that run in the controllers, and the control network infrastructure. This commitment applies to DCI, Advant Master, MOD 300 and SATT. Harmony and Melody will remain active indefinitely. Product lifecycle status and history Product lifecycle status and history provides the information that empowers users to make intelligent business decisions regarding their ABB automation system. It is an essential element of lifecycle planning. ABB provides a product’s current status, its lifecycle history and plan for the next 18-24 months. System 800xA software support policy This policy defines the support for both ABB software – System 800xA and its applications - and third-party components (hardware and software) that 800xA utilizes. It offers value by minimizing the disruption inherent with commercial off-the-shelf products (COTS) and providing flexibility in timing of software version upgrades. – – System 800xA software: System Versions (e.g. V 4.1 or V 5.1) will remain active for at least 18 months after the next version is released and System Versions will remain in ‘classic’ for at least 4 years. –– Third-party products: ABB will test previously qualified PCs with new system versions and newly qualified PCs. Automation Sentinel Automation Sentinel is ABB’s control system lifecycle program. With this program, system owners can keep control software current and maintain a flexible path forward to new system revisions. Three levels of services are available, each designed to meet the varying needs of system owners: Evolution is more than technology and policies. It is a way in which ABB engages with its customers throughout the system lifecycle.


Evolution Support for life – Continued
Three levels of services are available:
Maintain and Evolve Maintain the system at its current version level including Evolution from OCS products to System 800xA software (new Software licenses) New software versions and enhancements of installed products Evolution within the same (traditional) OCS system platform (new software licenses) Technical Phone Support (added to the contract by LBUs) Unlimited L3/4 Support for product issues Software Maintenance Updates and Corrections * System Maintenance Documentation Microsoft Security Update Test Reports * Ability to request ad-hoc corrections* 800xA PC qualification reports* On-line access to maintenance items via SolutionsBank Maintain Plus Maintain

                            

* for latest available software within a version in active and classic


Evolution Testimonials
Arkema St Auban evolves to System 800xA DCS family Modernizing the control systems of its major manufacturing plants is helping the Arkema Group maintain its leading position in the speciality chemicals business. Evolving the installed Emerson Provox system at the company’s St Auban PVC plant to ABB’s System 800xA was thus an obvious route to take. Technical and operational challenges Arkema faced several specific problems that included obsolete Provox HMIs in the form of Provue consoles, difficulties with and high costs of repair of Provox keyboards, and three controller types (MUX, PCIU and DCU) that would soon be obsolete. At the start of the evolution, the system architecture included 5000 IOs. Arkema also had other requirements. Existing equipment had to be used to make all connections and non-obsolete equipment was not to be replaced. Evolution also had to be done on-line to avoid production shutdowns. What’s more, as a worldwide supplier of speciality chemicals, Arkema demanded global support from its third-party replacement supplier. All these needs fitted in with ABB’s clear-cut evolution strategy. The solution – step-by-step replacement using ABB:s vast evolution portfolio In this case, ABB proposed a four-step evolution solution with System 800xA architecture: – – Replacing the first of the Provue consoles by a System 800xA HMI –– Implementing System 800xA Batch Manager –– Replacing the MUX, DCU and PCIU controllers with ABB’s AC 800M –– Replacing the UOC controllers with AC 800M when needed (but not before) The main tool used to achieve this solution is ABB’s Connect to the Emerson Provox system. Connect provides connectivity for interfacing the existing Provox system with System 800xA architecture. Arkema now has a control environment for its present and future needs. The newly operational System 800xA meets the chemical group’s requirement for secure, cost-effective production with increased capacity. It has great integration capabilities, is flexible, and has a state-of-the-art operator environment.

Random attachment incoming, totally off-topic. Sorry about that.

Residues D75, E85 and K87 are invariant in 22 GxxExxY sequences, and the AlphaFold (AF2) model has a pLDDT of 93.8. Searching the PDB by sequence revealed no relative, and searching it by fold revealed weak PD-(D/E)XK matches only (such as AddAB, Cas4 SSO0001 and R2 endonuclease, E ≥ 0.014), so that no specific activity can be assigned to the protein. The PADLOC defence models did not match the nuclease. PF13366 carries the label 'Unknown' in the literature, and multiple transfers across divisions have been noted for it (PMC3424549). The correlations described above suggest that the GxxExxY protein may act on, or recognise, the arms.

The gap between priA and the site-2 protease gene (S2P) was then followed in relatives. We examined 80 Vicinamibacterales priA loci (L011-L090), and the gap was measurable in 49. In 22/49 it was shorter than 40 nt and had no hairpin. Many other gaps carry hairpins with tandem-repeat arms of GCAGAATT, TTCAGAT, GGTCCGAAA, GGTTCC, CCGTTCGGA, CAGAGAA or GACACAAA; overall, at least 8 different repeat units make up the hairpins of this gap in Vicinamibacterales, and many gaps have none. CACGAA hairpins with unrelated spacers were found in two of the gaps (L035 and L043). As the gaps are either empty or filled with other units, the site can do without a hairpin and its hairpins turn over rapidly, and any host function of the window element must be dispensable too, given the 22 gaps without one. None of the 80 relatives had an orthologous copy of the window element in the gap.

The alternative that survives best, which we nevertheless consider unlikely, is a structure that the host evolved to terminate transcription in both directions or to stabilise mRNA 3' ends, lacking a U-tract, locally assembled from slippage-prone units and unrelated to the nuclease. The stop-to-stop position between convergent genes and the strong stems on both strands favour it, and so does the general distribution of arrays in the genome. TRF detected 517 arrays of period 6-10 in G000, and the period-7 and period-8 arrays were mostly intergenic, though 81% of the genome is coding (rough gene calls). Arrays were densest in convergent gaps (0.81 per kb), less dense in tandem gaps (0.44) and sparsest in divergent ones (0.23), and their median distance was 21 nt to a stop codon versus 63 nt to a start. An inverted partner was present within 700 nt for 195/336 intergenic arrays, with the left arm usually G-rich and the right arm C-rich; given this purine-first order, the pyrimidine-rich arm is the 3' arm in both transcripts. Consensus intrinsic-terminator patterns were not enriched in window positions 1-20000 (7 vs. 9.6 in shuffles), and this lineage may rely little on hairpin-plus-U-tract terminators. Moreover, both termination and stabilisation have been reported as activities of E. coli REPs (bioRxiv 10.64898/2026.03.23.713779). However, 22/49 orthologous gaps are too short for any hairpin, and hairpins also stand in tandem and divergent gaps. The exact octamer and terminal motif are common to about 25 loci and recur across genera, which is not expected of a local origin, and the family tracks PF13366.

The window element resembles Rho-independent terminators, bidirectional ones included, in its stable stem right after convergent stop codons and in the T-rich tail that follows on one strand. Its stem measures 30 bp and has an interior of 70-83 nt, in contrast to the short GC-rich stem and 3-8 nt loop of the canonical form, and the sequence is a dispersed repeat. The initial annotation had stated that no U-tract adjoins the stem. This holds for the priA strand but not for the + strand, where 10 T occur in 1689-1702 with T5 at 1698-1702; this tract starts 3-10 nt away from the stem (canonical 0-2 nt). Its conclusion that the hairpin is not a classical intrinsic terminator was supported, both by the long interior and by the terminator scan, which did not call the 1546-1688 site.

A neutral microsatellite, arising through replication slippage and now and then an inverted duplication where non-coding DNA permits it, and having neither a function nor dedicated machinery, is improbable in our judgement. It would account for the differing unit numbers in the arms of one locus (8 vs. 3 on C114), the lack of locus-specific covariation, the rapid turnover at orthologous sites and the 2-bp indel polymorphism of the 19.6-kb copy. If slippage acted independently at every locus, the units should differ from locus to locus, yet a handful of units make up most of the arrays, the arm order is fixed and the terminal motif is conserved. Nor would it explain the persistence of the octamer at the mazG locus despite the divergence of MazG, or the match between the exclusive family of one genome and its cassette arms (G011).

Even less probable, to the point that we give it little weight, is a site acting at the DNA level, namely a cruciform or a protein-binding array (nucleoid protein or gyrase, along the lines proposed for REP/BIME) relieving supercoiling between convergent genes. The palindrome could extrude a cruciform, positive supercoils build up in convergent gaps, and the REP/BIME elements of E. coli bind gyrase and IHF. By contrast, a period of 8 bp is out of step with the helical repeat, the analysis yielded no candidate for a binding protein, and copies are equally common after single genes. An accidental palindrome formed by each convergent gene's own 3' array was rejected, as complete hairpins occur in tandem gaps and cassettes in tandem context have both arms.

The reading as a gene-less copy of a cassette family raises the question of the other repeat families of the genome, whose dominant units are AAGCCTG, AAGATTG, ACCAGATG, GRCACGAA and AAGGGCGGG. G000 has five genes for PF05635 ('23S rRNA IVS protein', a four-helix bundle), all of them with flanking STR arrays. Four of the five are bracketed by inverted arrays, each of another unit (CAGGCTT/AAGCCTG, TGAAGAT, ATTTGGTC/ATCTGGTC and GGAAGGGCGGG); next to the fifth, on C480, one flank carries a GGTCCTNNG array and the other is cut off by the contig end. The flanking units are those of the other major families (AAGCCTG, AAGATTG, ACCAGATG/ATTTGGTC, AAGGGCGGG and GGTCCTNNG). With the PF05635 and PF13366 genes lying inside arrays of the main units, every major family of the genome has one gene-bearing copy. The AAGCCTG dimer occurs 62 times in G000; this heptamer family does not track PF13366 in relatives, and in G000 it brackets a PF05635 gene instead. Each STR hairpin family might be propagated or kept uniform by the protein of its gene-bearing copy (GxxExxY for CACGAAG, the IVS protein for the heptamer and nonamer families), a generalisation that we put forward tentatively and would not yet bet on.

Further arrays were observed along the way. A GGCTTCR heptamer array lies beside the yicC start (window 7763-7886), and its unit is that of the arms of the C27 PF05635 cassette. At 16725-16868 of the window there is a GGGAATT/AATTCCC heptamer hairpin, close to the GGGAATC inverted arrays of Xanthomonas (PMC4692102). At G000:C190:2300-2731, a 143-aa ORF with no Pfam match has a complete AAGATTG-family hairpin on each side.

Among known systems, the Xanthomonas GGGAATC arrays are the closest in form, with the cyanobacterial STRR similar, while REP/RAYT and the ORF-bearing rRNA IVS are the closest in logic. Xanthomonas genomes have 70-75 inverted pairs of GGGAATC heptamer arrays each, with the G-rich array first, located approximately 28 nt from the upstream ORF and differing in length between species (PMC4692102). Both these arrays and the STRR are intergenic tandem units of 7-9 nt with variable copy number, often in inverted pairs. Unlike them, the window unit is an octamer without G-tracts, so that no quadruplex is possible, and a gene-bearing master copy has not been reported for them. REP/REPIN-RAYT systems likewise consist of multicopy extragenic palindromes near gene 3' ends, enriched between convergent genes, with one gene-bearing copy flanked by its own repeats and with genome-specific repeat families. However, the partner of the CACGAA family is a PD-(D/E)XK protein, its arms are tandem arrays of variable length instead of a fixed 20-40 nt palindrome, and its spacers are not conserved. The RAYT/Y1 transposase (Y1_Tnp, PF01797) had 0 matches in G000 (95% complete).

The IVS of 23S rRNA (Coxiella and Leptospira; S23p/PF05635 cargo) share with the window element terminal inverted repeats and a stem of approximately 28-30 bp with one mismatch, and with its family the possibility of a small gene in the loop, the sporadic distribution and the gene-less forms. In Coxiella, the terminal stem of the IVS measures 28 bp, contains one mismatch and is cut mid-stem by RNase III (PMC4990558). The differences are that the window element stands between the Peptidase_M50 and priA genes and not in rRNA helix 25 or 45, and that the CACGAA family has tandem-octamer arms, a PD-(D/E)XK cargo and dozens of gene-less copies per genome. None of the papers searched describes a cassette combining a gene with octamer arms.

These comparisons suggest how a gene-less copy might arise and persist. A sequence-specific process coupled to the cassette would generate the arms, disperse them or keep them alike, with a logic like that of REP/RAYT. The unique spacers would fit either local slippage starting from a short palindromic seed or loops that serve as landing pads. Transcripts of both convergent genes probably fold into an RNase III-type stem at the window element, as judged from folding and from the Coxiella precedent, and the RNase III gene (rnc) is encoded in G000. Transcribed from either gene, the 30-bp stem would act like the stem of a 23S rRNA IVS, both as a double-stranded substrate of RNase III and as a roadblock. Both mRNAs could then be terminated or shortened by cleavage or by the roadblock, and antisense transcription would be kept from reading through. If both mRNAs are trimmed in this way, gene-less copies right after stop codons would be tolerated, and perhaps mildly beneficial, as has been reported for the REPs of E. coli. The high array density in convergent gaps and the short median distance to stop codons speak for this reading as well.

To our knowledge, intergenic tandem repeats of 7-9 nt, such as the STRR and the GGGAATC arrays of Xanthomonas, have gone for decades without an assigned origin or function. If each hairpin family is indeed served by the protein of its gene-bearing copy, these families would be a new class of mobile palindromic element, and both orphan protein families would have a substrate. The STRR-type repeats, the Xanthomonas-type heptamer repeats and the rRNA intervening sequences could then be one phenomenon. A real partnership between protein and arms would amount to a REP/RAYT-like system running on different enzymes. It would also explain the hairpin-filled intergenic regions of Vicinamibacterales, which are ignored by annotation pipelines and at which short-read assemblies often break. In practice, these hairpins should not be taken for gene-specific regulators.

Evolution Testimonials – Continued
Change of generation at Cheminova Cheminova has been a major user of ABB process software since the mideighties and has long since learnt to appreciate ABB’s Lifecycle Management Program. In 2008, when the ABB operator system at Cheminova’s P1 pesticide plant was changed to System 800xA, it had far exceeded its expected lifetime. The transition from the old to the new operator system went without the slightest disruption to production. Cheminova’s senior engineer Karl Anders Kvist therefore views the future changes of generation that are to take place over the next 2-3 years at the other plants with confidence. The cost for the implementation of the new system is half that of the old one, and Karl Anders once again predicts a life of around 10 years for the new System 800xA. “By this we have now gone over to the Windows platform,” he adds. Factories in the facility Pesticide production is divided into 15 more or less separate factories, each with its own process specialities and operator rooms where 2-3 process operators control and monitor production and well over 2,000 signals. According to Karl Anders Kvist, a total of over 30,000 signals are controlled and monitored from different operator stations. Practice makes perfect “We have changed process systems many times before and we have now expertise in doing so quickly, and above all securely. The generation change we are undertaking in the next few years will be from Unix to Windows, and among other things this means that we are compelled to update our 1-1 screens. The Windows platform provides us with both better monitoring possibilities and several facilities which will benefit us greatly in the long term.” “Since we are now switching to Windows, I expect that the changes we have to undergo in future will occur more often. Therefore we have entered ABB’s program for current updates, which is called Automation Sentinel,” says Karl Anders.